St John Ambulance is preparing to deploy 36 Cycle Response Units (CRU) at this weekend’s London Marathon which is understood be the largest deployment of its kind in the world.
The UK's leading first aid charity will support this weekend’s Virgin Money London Marathon with 1,200 volunteers, 36 of which will be first-responding operational cyclists.
Those 36 St John Ambulance riders will be joined on the ground by 11 cycle responders from the London Ambulance service NHS Trust.
CRUs are made up of experienced cyclists with rigorous first-aid and bike-handling training. These first-responders are known as cycle responders and are essentially lightweight ambulances.
Each operational cyclist carries with them the majority of equipment you would expect to find on an ambulance, but fall short of patient transfer capabilities.
Ashley Sweetland MBE, is the national operational cycling officer for St John Ambulance, who also runs London’s multi-award winning CRU - which is the largest of its kind in the country outside of the NHS.
He spoke to road.cc about the logistics involved in covering such a big event in the capital.
“It’s a pretty tall order,” Sweetland said. “While St John Ambulance are focusing our efforts on the marathon, it’s business as usual elsewhere in the city.
"As well as supporting all of those who are taking part in the marathon so it's a memorable event for all the right reasons, we will also support our partners in the London Ambulance service for any of the 'business-as-usual' issues that arise on the day in London.
“What we’re doing very successfully is using CRUs to respond to calls first, and often cancel the call for an ambulance. This helps ensure all ambulance resources are used effectively and lessen the impact, where we're able to, on the wider business of the NHS, which is especially important on busy days, like Sunday.”
The St John Ambulance service, like the London Ambulance Service will have a comprehensive command structure in place at gold, silver and bronze level.
The agency’s involved organise themselves like this, with gold and silver commanders responsible for the strategy and delivery of any large event, whilst Bronze officers ensure delivery on the ground. CRUs will operate under Ashley Sweetland as their lead on the ground.
“We have significant experience of working together [with the London Ambulance service],” Sweetland said.
“Our partnership is deep and enduring and will help ensure a successful event for all involved.
“We understand that the Sunday’s deployment will be the largest of its kind in the world.”
CRUs operate throughout the country, and cover high-attendance events such as marathons and music festivals while also providing support in cities around the country.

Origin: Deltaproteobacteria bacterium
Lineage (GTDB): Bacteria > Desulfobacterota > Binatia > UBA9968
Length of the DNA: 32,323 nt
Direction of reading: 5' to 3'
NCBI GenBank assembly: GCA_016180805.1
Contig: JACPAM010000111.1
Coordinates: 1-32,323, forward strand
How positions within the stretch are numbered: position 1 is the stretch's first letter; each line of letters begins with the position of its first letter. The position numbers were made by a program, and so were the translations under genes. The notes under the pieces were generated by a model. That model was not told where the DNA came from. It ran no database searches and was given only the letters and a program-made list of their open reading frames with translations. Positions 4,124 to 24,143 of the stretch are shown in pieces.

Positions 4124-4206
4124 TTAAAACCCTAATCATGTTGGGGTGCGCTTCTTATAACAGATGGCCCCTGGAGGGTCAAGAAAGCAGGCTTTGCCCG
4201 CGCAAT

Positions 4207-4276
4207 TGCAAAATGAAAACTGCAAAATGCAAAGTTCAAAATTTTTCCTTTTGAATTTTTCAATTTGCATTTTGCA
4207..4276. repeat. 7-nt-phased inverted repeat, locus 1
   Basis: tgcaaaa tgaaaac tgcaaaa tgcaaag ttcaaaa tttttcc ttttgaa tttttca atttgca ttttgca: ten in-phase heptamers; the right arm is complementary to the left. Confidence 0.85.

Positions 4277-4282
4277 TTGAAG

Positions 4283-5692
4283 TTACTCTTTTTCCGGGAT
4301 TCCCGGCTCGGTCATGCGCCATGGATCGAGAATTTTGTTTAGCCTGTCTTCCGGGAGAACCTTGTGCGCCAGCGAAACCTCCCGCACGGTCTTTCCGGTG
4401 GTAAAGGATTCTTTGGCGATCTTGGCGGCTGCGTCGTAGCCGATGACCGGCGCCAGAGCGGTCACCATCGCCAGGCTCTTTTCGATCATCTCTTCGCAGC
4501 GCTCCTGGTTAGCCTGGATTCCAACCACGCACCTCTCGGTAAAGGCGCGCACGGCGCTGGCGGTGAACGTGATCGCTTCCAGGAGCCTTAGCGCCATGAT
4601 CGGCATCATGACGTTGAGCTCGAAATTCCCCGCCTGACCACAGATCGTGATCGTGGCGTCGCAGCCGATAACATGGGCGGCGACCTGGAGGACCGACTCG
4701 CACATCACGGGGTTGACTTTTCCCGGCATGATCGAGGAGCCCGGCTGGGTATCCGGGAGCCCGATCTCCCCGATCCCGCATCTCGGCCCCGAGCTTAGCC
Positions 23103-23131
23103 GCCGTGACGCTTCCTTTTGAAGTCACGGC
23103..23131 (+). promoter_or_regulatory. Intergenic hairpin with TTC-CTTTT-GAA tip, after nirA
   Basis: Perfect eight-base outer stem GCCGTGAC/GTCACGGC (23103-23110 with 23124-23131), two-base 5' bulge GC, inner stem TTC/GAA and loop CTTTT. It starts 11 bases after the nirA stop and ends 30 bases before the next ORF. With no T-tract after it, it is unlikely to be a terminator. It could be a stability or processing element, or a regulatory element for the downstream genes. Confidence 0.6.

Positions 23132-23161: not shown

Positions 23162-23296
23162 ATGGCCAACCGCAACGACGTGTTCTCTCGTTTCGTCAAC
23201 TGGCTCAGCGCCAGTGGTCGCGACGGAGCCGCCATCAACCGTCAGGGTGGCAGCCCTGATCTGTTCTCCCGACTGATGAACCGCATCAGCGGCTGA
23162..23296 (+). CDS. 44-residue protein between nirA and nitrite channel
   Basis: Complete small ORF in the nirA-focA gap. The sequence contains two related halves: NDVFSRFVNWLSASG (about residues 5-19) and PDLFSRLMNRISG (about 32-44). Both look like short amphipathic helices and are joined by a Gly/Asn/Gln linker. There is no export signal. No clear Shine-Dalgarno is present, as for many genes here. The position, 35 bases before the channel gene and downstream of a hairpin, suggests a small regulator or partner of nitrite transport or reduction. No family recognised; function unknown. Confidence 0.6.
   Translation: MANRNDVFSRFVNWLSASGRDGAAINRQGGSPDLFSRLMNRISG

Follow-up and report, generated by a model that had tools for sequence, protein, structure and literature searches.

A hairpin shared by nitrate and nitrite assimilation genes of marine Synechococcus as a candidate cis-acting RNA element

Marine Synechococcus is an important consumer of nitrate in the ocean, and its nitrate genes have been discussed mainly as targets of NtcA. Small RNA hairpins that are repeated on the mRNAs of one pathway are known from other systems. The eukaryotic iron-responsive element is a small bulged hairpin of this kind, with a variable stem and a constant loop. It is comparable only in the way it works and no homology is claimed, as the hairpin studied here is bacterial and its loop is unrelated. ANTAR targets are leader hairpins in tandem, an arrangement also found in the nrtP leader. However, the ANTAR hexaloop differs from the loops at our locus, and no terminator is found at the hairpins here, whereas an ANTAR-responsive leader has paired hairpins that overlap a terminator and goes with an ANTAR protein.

We recently reported that the St John Ambulance were recruiting operational cyclists in Sussex and surrounding area. But, while the recruitment process is ongoing in the south, Mr Sweetland is pleased with the growth he’s seen in CRUs over the last few years.
“There’s no reverse gear on this," Sweetland said.
"It’s a growing trend on how we approach our service delivery capability and our Cycle Response Units remain hotspots for innovation.
“While we’ve seen increases in our CRU capabilities across the country and there’s no reason why we wouldn’t want to grow that capability.”
This summer will mark the 10th anniversary of the reintroduction of cycling to the St John Ambulance service, and Mr Sweetland recalled a time when the idea of an ambulance on a bike was met with raised eyebrows.
He said: "I remember being in meetings a decade or-so ago, and people asking me: ‘You want to put an ambulance on a bike? What’s that about?’ But now it’s a well regarded part of operations.”
“History often repeats itself and I feel that we’re sort-of rediscovering our love affair with bicycles. St John Ambulance first used bicycles in the early 1900's, and here we are again. Although we don't move patients on them today."
To find out more about how you can volunteer for your local CRU head over to the St John Ambulance website.
Elliot joined team road.cc bright eyed, bushy tailed, and straight out of university.
Raised in front of cathode ray tube screens bearing the images of Miguel Indurain and Lance Armstrong, Elliot's always had cycling in his veins.
His balance was found on a Y-framed mountain bike around South London suburbs in the 90s, while his first taste of freedom came when he claimed his father's Giant hybrid as his own at age 16.
When Elliot's not writing for road.cc two wheels are still his favoured mode of transport; these days over the undulating streets of Madrid.